7 Feb 2013

I'm honest, says benefit thief

A 48-year-old benefits cheat who swindled more than £10,000 of taxpayers cash claiming he was disabled was caught push-starting a friend's car while working as a hotel chef. (h/t Dave)

Stuart Collier, of Tamworth, Staffordshire, claimed he could barely walk and suffered dizzy spells if he stood up for too long - but he was later exposed as a fraud, Cannock Magistrates’ Court heard.

Investigators caught him working six different jobs between 2007 and 2011 while claiming disability benefits after a tip-off that he was a pastry chef at a top hotel in Sutton Coldfield, West Midlands.

Investigators filmed Collier hulking around heavy tool-boxes and jogging along as he pushed a friend’s car, and they also found that he had taken on jobs as a chef at two football clubs.

He was even discovered to have set up a limousine service and also worked as a lecturer. Collier admitted a charge of failing to notify change of circumstances.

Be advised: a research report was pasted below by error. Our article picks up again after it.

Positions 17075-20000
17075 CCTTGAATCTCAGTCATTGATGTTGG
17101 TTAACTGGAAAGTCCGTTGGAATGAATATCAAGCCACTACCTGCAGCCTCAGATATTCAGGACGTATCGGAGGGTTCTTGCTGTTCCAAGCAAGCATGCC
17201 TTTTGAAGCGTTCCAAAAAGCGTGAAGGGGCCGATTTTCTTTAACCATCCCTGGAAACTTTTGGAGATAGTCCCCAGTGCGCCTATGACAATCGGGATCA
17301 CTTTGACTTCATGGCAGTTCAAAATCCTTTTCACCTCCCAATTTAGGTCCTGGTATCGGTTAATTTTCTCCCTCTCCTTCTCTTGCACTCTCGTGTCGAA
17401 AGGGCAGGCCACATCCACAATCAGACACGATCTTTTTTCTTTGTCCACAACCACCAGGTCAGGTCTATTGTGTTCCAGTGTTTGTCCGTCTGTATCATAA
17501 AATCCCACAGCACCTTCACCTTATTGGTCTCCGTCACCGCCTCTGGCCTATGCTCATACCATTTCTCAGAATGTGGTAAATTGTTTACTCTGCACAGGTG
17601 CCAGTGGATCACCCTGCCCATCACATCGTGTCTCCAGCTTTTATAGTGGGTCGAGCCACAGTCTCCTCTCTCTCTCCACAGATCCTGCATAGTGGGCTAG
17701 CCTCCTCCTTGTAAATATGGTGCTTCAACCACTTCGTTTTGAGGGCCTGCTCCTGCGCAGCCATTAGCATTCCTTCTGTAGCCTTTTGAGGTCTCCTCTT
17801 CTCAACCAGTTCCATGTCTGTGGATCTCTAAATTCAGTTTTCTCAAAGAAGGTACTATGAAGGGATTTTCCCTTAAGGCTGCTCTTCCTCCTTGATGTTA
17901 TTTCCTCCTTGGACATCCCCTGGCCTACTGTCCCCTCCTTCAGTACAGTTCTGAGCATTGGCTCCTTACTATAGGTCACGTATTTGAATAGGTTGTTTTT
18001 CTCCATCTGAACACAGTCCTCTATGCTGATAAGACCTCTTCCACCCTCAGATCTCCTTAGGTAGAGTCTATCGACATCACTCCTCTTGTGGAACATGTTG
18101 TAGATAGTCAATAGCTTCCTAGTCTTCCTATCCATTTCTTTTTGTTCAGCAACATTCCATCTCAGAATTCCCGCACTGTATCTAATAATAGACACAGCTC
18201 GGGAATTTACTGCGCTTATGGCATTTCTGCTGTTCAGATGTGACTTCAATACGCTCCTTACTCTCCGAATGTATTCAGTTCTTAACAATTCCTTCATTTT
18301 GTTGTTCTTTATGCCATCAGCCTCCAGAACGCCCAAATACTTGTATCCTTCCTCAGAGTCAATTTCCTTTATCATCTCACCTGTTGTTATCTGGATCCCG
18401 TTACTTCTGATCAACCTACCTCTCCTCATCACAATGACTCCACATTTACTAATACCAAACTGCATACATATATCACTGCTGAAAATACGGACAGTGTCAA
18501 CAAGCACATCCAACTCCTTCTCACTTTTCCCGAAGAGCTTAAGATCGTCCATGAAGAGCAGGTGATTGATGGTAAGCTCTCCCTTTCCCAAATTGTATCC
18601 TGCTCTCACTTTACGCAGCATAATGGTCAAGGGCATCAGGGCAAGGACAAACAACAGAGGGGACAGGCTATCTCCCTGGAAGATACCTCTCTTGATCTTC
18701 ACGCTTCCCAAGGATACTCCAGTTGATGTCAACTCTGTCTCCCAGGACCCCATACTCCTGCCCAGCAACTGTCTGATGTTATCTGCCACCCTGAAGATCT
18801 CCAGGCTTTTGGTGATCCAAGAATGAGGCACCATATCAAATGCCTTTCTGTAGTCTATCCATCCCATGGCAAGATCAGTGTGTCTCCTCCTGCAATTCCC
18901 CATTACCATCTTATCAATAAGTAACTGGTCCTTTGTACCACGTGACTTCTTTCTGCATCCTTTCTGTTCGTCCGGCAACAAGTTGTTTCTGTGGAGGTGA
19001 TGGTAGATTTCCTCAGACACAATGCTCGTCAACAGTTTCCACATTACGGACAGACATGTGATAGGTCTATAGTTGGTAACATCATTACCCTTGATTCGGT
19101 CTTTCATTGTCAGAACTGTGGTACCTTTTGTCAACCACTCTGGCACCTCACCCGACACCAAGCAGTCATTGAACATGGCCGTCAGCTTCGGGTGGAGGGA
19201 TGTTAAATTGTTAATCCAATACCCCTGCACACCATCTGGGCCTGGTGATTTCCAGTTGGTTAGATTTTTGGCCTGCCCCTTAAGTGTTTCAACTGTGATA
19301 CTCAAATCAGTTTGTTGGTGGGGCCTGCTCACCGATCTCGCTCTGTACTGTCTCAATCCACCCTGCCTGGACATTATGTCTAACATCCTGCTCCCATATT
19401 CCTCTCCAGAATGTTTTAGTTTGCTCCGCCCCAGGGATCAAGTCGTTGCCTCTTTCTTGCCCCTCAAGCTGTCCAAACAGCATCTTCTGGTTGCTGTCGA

The court heard he falsely claimed a total of £10,639 over four years. Collier was handed a four-week suspended prison sentence by the court and ordered to pay £100 in costs.

'The defendant said he had suffered arthritis in his knee since 2003, he claimed he suffered dizzy spells if he walked further than a few metres,’ Giles Rowden, prosecuting, said:
He said he had balance problems and on some days had difficulties even raising himself from a chair. However the DWP (Department for Work and Pensions) were told he had been working in a kitchen.

When they began their investigation they found he had been involved with six different jobs. He found work as a kitchen assistant, driver, lecturer, pastry chef, chef and even founded his own online business from home.

When he was filmed by DWP officers he was seen walking from his vehicle into the kitchen at his place of work without a walking stick and carrying a toolbox.

He was also observed helping to jump start a car, where he was seen jogging in the spot and pushing the car.
Sentencing Collier, chair of the magistrates David Breen told him:
This was not fraudulent from the outset, but it was for a significant period of time. We feel this crosses the custody threshold.

Our stating point is six weeks in prison - we reduce that to four because of your guilty plea.

Because you have paid back the full amount we have decided to suspend the sentence for 12 months. You will be subject to a 12-month community order and will have to pay £100 in costs.
Collier, representing himself, told magistrates he was an ‘honest citizen’ but made a ‘silly mistake’

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